In 1966, North Korea made their first appearance at a FIFA World Cup. A relatively new team against the giants of world football was, quite naturally, not given many chances of causing any trouble to their more established rivals.
But there was a surprise in the offing.
The Asian nation was placed in Group 4 in the tournament hosted by England. The North Koreans had the Soviet Union, Chile and then two-time World Cup winners Italy in their group.
The tournament for the North Koreans started as many had expected: with a defeat. The Soviet Union, a major footballing force at the time, won 3-0 courtesy of a brace from Eduard Malofeyev and a 33rd minute strike from Anatoliy Banishevskiy.
Next up for the North Koreans were the South American rivals Chile. Ruben Marcos gave Chile the lead in the 26th minute, but Pak Seung-zin struck two minutes from time to help his team gain an admirable point with a 1-1 draw.
North Korea were to face Italy in their last group stage game and, if anything, the result was believed to be a foregone conclusion. But in the game played at Ayresome Park in Middlesbrough, the Asian side took a surprise lead through Pak Doo-ik three minutes before the half time whistle. They managed to hold on for the remaining minutes in the first half as well as the subsequent 45 minutes of the second to cause a major upset.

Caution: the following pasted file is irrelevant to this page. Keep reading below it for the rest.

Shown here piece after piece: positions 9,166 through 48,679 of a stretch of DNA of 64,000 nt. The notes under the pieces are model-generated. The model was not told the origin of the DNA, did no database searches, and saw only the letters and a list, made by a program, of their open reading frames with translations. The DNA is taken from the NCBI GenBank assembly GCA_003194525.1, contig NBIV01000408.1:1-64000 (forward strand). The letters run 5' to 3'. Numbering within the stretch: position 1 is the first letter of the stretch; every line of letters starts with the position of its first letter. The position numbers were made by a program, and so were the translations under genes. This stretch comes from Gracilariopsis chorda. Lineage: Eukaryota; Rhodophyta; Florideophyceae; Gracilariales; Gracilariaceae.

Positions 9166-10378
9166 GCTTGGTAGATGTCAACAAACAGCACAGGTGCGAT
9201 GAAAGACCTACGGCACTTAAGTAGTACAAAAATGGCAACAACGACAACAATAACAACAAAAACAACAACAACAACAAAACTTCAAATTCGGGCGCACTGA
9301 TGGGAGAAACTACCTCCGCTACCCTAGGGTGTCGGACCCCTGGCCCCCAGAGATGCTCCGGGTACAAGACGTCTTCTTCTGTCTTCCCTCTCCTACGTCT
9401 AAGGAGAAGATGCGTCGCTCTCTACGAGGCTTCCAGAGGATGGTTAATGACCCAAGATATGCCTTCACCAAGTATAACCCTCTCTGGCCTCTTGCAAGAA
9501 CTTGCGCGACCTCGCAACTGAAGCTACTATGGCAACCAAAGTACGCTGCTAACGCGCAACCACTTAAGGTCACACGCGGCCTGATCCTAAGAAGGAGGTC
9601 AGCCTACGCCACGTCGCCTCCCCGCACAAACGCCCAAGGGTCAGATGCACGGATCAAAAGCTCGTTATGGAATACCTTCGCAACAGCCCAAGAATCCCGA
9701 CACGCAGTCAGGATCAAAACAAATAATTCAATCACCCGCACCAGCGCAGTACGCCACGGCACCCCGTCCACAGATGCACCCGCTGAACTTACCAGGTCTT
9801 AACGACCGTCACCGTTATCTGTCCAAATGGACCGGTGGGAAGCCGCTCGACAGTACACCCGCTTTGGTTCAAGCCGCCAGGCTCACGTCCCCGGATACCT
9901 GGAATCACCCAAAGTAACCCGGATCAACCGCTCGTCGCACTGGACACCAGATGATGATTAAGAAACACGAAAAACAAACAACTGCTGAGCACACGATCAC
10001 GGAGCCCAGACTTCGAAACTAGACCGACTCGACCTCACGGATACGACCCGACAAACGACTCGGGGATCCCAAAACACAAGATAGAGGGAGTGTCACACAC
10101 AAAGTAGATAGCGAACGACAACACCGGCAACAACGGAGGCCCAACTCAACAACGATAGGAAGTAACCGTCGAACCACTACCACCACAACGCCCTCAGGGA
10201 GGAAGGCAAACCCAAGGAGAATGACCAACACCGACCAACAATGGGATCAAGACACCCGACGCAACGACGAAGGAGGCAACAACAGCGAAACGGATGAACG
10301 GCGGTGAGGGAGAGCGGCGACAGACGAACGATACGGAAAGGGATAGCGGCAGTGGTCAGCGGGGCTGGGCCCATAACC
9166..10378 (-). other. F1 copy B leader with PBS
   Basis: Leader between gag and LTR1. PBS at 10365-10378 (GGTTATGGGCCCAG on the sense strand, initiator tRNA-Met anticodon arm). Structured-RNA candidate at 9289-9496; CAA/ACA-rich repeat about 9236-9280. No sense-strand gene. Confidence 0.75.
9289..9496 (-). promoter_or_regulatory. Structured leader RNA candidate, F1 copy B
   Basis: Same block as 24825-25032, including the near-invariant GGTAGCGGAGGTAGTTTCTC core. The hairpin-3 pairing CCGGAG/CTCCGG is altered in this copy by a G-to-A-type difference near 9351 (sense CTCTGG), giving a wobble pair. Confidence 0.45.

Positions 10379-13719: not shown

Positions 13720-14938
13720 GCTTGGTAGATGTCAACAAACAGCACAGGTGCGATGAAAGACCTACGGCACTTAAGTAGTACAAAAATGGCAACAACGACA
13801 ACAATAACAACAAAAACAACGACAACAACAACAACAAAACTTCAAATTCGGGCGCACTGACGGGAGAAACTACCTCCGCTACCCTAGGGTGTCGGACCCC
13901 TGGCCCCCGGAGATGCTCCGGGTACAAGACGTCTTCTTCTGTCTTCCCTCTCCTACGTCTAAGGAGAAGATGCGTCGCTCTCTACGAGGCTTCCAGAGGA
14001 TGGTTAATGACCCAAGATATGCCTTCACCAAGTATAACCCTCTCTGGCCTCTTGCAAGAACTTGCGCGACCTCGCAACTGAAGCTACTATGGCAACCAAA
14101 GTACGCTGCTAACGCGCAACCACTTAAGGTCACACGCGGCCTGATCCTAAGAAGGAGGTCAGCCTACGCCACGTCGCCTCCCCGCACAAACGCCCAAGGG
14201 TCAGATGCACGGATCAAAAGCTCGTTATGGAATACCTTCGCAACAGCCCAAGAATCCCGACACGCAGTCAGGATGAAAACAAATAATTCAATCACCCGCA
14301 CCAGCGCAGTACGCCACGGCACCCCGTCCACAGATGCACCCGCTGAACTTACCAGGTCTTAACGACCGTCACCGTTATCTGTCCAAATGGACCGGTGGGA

The win meant that the Italians were sent home, while North Korea made it to the quarter-final of the World Cup!
“It was the day I learnt football is not all about winning”, Pak recalled of his historic strike in his 2002 visit to England.
“When I scored that goal the people of Middlesbrough took us to their hearts. I learnt that playing football can improve diplomatic relations and promote peace.”
Neville Nichols, a local Middlesbrough fan who went to the Italian side in flesh and blood came home admiring the qualities of their conquerors.
“Everyone had gone along to see a class Italy side.
“But the game turned on its head when Pak Do-ik scored a great goal. The whole place erupted, I couldn’t believe what I was seeing. From then on we adopted them and we still talk about them now.”
The win saw North Korea move to the quarter-final with four points and they were up against Eusebio’s Portugal in their last eight encounter. The game started in a whirlwind fashion for the unfancied Asian outfit as they took the lead through a Pak Seung-zin in the first minute of the game.
Another upset appeared on the cards as Li Dong-woon and Yang Seung-Kook struck in the 22nd and 25th minutes respectively. But then Eusebio came into his own and struck four times to help Portugal to a 5-3 win and seal their passage to the semi-finals at the expense of their Asian rivals.
North Korea, have since failed to make many inroads in international football, but their 1966 World Cup heroics will never be forgotten.